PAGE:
2023-11-27 Times Are Tough, Buy Yourself a 1943 Chrysler M4A4 Sherman Tank - autoevolution

Times Are Tough, Buy Yourself a 1943 Chrysler M4A4 Sherman Tank

Someone thought that now would be a good time to sell a tank. We can’t disagree with this logic. Market conditions look right for something like this to fetch the big bucks. But even if you don’t want to buy a tank, taking a look at this Chrysler-made Army vehicle is a must. It comes with a lot of history.
1943 Chrysler M4A4 Sherman 7 photos
Photo: bmullins on Bring a Trailer
1943 Chrysler M4A4 Sherman Tank1943 Chrysler M4A4 Sherman Tank1943 Chrysler M4A4 Sherman Tank1943 Chrysler M4A4 Sherman Tank1943 Chrysler M4A4 Sherman Tank1943 Chrysler M4A4 Sherman Tank
Imagine what life looked like back in the 1940s. Everyone minded their business in the U.S., while Europe was engulfed in another armed fight. The Germans were really keen on expanding their borders by force, even though nobody really welcomed them and their ideology.

Some belligerent nations asked the U.S. for help, but America wasn’t ready to sacrifice its soldiers for the mess Europeans did. They kept enabling the crazy Austria-born man that, in the end, led Germany into a second defeat that was going to split the country in two – a reality that can be seen and felt even today. Hitler’s vanity and desire for useless greatness was a major mistake that stopped European development for at least another decade. Millions died. Cities were ruined. Lives were destroyed.

In what can be safely called a very unlikely scenario, Europeans will have to be eternally grateful to the Japanese. Their zero-logic strategy to attack Pearl Harbor was what got the U.S. involved for real in the Second World War (WW2). Even though Americans were providing weapons to countries like Great Britain, Portugal, and even France through Spain, they initially didn't want to sacrifice soldiers in another part of the world.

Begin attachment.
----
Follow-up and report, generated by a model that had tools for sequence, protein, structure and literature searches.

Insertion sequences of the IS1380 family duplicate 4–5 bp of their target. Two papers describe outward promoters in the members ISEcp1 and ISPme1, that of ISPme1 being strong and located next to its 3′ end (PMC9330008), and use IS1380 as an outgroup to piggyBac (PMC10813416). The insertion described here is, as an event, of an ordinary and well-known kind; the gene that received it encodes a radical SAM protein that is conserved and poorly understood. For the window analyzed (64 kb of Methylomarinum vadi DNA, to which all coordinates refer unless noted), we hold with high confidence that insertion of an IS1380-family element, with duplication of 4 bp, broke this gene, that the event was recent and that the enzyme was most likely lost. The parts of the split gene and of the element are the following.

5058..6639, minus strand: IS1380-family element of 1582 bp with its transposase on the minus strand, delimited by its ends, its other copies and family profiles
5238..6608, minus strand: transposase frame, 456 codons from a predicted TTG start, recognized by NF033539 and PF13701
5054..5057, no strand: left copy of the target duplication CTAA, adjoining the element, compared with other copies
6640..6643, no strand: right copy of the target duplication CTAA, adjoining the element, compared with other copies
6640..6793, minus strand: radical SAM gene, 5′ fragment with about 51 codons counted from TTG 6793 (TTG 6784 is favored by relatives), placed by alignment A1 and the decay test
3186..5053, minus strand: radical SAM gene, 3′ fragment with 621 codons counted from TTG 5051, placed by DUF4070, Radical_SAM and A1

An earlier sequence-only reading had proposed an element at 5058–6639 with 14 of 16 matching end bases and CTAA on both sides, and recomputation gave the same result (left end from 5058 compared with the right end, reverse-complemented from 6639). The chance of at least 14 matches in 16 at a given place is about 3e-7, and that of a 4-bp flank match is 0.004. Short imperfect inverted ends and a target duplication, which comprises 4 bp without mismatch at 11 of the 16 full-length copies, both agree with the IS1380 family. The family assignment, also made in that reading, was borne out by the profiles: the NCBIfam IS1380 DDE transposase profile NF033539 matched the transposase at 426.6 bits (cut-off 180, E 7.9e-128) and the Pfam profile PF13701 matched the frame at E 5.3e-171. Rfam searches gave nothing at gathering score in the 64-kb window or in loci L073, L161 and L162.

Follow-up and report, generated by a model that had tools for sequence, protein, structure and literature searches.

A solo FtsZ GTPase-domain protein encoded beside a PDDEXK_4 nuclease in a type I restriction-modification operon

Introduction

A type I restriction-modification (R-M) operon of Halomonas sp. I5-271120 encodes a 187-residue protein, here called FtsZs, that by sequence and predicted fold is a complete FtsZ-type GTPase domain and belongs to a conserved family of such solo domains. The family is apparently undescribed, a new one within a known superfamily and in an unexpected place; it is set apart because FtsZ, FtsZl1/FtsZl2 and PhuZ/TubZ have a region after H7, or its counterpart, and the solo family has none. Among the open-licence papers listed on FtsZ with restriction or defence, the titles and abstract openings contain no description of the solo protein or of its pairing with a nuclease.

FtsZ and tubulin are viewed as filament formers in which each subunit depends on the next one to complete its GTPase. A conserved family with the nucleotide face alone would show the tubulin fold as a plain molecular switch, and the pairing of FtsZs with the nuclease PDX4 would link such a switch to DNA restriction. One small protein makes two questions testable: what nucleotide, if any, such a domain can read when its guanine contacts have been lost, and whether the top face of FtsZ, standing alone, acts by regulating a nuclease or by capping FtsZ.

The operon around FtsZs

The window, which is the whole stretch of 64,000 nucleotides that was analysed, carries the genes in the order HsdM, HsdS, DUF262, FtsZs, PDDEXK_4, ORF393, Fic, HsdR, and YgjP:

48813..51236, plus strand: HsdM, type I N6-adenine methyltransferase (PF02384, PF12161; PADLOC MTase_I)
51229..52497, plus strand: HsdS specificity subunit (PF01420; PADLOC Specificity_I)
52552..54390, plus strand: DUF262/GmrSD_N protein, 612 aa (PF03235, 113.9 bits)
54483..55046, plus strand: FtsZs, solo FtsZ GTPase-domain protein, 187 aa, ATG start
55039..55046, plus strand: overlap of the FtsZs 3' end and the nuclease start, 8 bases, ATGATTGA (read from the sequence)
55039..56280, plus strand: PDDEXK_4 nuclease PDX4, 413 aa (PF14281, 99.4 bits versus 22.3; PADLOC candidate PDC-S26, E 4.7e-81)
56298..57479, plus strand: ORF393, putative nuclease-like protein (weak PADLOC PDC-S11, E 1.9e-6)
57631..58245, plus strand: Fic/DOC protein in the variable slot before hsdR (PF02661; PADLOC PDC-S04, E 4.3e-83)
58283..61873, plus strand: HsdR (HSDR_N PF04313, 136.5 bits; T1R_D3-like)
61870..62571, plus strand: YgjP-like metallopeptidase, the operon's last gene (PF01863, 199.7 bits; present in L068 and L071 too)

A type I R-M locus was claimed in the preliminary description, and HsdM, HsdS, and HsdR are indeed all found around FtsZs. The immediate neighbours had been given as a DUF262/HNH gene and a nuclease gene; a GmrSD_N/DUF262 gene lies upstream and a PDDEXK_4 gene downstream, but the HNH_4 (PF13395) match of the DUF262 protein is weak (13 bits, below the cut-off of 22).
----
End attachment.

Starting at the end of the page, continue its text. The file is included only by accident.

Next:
The balance of power shifted rapidly

Furthermore, the U.S. was doing pretty well, thanks to its partners. Democratic nations asked for help, and America delivered, but not for free. Help came at a cost. That’s why companies like Chrysler or Ford did very well.

1943 Chrysler M4A4 Sherman Tank
Photo: bmullins on Bring a Trailer
For example, the British were using Chrysler M3 Grant tanks to fight the Italians and the Germans. Unfortunately for the model we have seen for sale on BaT, the M4A4 Sherman wasn’t picked by the U.S. for the military to use overseas like its M3 Grant counterpart. Even though it provided better suspension, a simpler, tougher hull, and improved soft ground traction, it didn’t make the cut. Still, there were 7,499 made in total. The U.S. military, however, used it mainly for training, while the British called it the Sherman V and put it to some work.

Now some models are being made available to civilians that want to have fun experiencing the life of a soldier in WW2. However, you have to adhere to a special set of rules as a tank owner. These vehicles aren't street-legal, but local authorities allow their presence on the public roads for refueling or parades.

This 1943 Chrysler M4A4 Sherman Tank, according to the owner, has been recovered from the British. It has seen the UK, Ireland, France, and is now in the U.S. The military vehicle was donated to the Museum of the American G.I. of College Station, Texas, in 2019.

An unlikely combination

It uses an 18-liter Ford V8 that’s connected to a five-speed manual gearbox. The engine was sourced from the M4A3 predecessor. The tank has been restored to look like it’s returned unscathed from the battleground with all the correct markings. The current owner also paid for rebuilding the air cleaners and serviced the electrical and cooling systems.

1943 Chrysler M4A4 Sherman Tank
Photo: bmullins on Bring a Trailer
Furthermore, this one comes with armor plating, pioneer tools, the main gun that’s been demilitarized, and a replica roof-mounted machine gun. The turret works! It was verified before the tank went online.

The Chrysler tank also has the correct serial numbers that match Chrysler’s database.

Bidders joked about this tank being “the perfect cure for modern-day rush hour traffic,” while potential buyers already started the offers going. It currently sits at a price of $2,000. The owner chose to have a reserve set, so don’t expect it to get away for cheap.

Before you decide to join in on the fun, just remember there’s no need to get registration or a title for tanks. Now watch the video down below and make up your own mind about it.

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About the author: Florin Amariei
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Car shows on TV and his father's Fiat Tempra may have been Florin's early influences, but nowadays he favors different things, like the power of an F-150 Raptor. He'll never be able to ignore the shape of a Ferrari though, especially a yellow one.
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